The huge farm bill working its way through the final stages of the House/Senate Conference Committee appears to have preserved at least a few tax provisions. In March, the conference committee had stripped out the tax provisions that had originated with the Senate Finance Committee. However, when it came time to count votes, negotiators decided that some of the tax provisions had to stay in.The farm bill can be looked at as a net tax increase, with the somewhat unusual feature for legislation in recent years of providing for more revenue-raising offsets than tax incentives. The negotiators have agreed on $1.4 billion in tax incentives and $10 billion in offsets. The figure of $1.4 billion is a significant reduction from the $2.4 billion in tax incentives originally proposed by the Senate Finance Committee.
It is this effective tax increase feature of the legislation that is one factor in drawing a veto threat from the Bush administration over the farm legislation. Conference negotiators are currently working on a cutback in farm subsidies to wealthy farmers to try to bring the administration on board with the legislation.
In announcing agreement on the $1.4 billion in tax incentives and $10 billion in offsets, the conferees did not immediately indicate which provisions survived in those totals. Often with Congress, when the details are delayed, this means that the details are still being worked out. The only agreement reached was on the dollars, and not necessarily what would be included in those dollars. Still, some indications of what is likely to be included have been leaking out.
Some of the tax incentives that appear to have survived in the conference committee so far include the following provisions:
* Agricultural equipment depreciation would be accelerated from a seven-year period to a five-year period. This is likely to have survived since it is projected to have a net 10-year cost of zero dollars.
* Retired farmers and farmers on disability who participate in land conservation reserve programs will be permitted to count payouts under the program as investment income, preventing the payouts from resulting in any decrease in Social Security or disability benefits.
* The loan limit on Aggie Loans would be increased from $250,000 to $400,000.
* The legislation includes authorization of forest conservation bonds for certain qualified projects up to a maximum of $1.5 billion.
* The cellulosic ethanol per-gallon tax credit would be raised from 51 cents to $1 per gallon.
* One of the provisions included to secure enough support from Senate Republicans is a provision creating an uniform three-year depreciation for horses and also making the 15 percent capital gain rate applicable to horse sales.
Other tax incentives that may or may not survive the final legislative negotiations include a conservation reserve tax credit; a permanent extension of the special rules encouraging contributions of capital gain real property for conservation purposes; a tax credit for endangered species recovery and restoration; a deduction for endangered species recovery expenditures; an exclusion for certain payments and programs relating to fish and wildlife; a credit for residential and business wind property; a credit for certain Department of Agriculture conservation easements; a deduction for qualified timber gains; several provisions related to timber REITs; modifications to the alcohol credit; extension and modification of the credit for biodiesel and renewable diesel used as fuel; extension and modification of the alternative fuel credit; an agricultural chemicals security credit; and a credit for drug safety and effectiveness testing for minor animal species.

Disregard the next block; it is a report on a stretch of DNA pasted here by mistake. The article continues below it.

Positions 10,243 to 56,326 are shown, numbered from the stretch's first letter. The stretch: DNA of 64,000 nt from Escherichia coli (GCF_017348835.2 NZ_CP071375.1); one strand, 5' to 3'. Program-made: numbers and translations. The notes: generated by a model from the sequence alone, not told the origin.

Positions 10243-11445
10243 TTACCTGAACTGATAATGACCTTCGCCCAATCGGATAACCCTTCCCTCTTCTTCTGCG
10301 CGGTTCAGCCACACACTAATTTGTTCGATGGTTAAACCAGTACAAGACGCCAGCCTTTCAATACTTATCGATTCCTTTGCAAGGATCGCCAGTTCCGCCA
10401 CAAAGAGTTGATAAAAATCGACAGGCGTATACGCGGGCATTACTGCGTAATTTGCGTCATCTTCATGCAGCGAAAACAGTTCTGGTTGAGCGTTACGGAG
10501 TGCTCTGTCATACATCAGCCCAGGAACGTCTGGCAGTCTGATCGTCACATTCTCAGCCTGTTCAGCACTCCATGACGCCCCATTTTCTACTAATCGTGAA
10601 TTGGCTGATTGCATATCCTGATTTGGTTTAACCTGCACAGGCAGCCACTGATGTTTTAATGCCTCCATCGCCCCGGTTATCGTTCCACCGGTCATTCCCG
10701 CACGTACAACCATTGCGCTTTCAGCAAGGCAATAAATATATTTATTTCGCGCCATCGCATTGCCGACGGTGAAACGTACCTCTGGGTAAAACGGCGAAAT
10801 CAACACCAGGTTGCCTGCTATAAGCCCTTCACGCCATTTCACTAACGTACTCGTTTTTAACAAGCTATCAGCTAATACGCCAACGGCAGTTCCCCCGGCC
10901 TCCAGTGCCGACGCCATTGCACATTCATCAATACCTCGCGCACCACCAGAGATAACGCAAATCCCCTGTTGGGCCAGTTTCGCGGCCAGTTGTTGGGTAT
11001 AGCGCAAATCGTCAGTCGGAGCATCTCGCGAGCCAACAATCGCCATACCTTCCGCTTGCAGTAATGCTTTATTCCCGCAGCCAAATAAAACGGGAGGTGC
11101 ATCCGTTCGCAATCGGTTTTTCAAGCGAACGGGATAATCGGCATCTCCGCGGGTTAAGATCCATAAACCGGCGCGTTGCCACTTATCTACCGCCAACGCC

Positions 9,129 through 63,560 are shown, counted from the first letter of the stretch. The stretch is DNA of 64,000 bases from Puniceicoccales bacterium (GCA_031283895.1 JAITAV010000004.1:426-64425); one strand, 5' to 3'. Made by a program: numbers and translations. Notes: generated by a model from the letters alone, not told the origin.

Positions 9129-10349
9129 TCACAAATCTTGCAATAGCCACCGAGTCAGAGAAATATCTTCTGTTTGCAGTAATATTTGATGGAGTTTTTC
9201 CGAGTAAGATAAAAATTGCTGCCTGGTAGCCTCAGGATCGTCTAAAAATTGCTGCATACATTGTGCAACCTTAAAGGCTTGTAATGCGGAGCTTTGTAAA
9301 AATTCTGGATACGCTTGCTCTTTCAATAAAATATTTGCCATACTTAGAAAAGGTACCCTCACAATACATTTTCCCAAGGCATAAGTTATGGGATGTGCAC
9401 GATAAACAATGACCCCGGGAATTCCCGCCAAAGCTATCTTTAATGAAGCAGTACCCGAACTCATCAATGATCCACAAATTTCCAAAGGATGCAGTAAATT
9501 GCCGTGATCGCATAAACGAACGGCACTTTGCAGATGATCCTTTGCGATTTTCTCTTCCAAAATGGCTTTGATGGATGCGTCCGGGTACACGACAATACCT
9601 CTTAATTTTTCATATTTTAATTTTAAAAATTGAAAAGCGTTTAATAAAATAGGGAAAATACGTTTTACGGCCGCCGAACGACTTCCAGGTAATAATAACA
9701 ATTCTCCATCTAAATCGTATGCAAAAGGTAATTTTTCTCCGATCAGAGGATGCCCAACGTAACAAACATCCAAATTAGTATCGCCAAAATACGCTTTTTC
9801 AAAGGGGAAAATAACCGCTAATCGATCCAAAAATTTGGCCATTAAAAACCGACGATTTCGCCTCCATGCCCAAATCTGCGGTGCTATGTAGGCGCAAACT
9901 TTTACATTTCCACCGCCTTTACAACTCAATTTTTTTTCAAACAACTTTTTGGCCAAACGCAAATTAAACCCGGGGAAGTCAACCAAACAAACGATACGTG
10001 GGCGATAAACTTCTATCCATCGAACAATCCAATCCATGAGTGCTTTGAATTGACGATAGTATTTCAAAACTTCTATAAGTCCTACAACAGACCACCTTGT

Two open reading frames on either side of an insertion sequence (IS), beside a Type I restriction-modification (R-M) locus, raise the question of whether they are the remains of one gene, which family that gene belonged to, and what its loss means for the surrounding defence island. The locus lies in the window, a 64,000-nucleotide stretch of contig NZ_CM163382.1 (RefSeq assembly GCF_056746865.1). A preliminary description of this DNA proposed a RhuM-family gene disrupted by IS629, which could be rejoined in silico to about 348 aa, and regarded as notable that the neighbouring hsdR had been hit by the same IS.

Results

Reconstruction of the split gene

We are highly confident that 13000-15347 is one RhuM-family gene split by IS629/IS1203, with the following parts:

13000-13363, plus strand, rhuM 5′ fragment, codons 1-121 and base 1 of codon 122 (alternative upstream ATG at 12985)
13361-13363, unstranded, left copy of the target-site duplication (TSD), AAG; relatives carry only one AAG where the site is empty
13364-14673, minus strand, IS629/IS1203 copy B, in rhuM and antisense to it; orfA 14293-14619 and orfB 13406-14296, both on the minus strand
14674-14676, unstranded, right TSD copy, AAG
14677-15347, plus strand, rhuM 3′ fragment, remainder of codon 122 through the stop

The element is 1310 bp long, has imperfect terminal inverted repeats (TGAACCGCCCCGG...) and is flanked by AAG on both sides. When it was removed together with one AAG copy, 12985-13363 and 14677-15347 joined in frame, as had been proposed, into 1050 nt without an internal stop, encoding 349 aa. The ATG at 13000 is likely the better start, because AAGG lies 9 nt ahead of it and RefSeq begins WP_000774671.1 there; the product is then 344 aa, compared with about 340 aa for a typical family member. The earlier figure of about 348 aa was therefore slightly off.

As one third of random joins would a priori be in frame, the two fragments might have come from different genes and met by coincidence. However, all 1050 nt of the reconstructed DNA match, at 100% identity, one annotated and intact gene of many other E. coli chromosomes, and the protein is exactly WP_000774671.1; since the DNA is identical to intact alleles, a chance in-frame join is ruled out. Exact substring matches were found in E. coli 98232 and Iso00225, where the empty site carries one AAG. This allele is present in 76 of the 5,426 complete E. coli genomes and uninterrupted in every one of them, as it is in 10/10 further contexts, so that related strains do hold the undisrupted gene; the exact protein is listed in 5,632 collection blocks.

Initially, the key revenue-raising offset to reach the $10 billion number was to be the inclusion of a stock basis reporting requirement, which was projected to raise $6 billion over the course of ten years. This appears to have been dropped in conference due to opposition from the administration. The following are some of the revenue offsets that appear to have survived:
* The legislation would limit the ability of “gentlemen farmers” to use farm losses to offset their non-farm income. Under the legislation, a limit of $200,000 would be imposed of the Schedule F farm losses that non-farmers can claim.
* Another revenue raiser would reduce the corn ethanol per-gallon tax credit by six cents, from 51 cents to 45 cents per gallon.
Other possible revenue raisers still included in the package include $4 billion raised over 10 years from customs user fees.
As of this writing, the conference committee on the farm bill is purportedly nearing its conclusion. Final negotiation efforts appear aimed at heading off the administration’s veto threat issued against the House and Senate versions of the bill. Negotiators have announced agreement on $1.4 billion in tax incentives and $10 billion in revenue offsets to support some of the spending provisions elsewhere in this large farm bill.
In the grand scheme of tax legislation normally before Congress, these are not large numbers on the tax side. They largely represent a tweaking of tax policy toward general support for alternative energy resources at a time of general prosperity in the agriculture sector.
George G. Jones, JD, LL.M, is managing editor, and Mark A. Luscombe, JD, LL.M, CPA, is principal analyst, at CCH Tax and Accounting, a Wolters Kluwer business.
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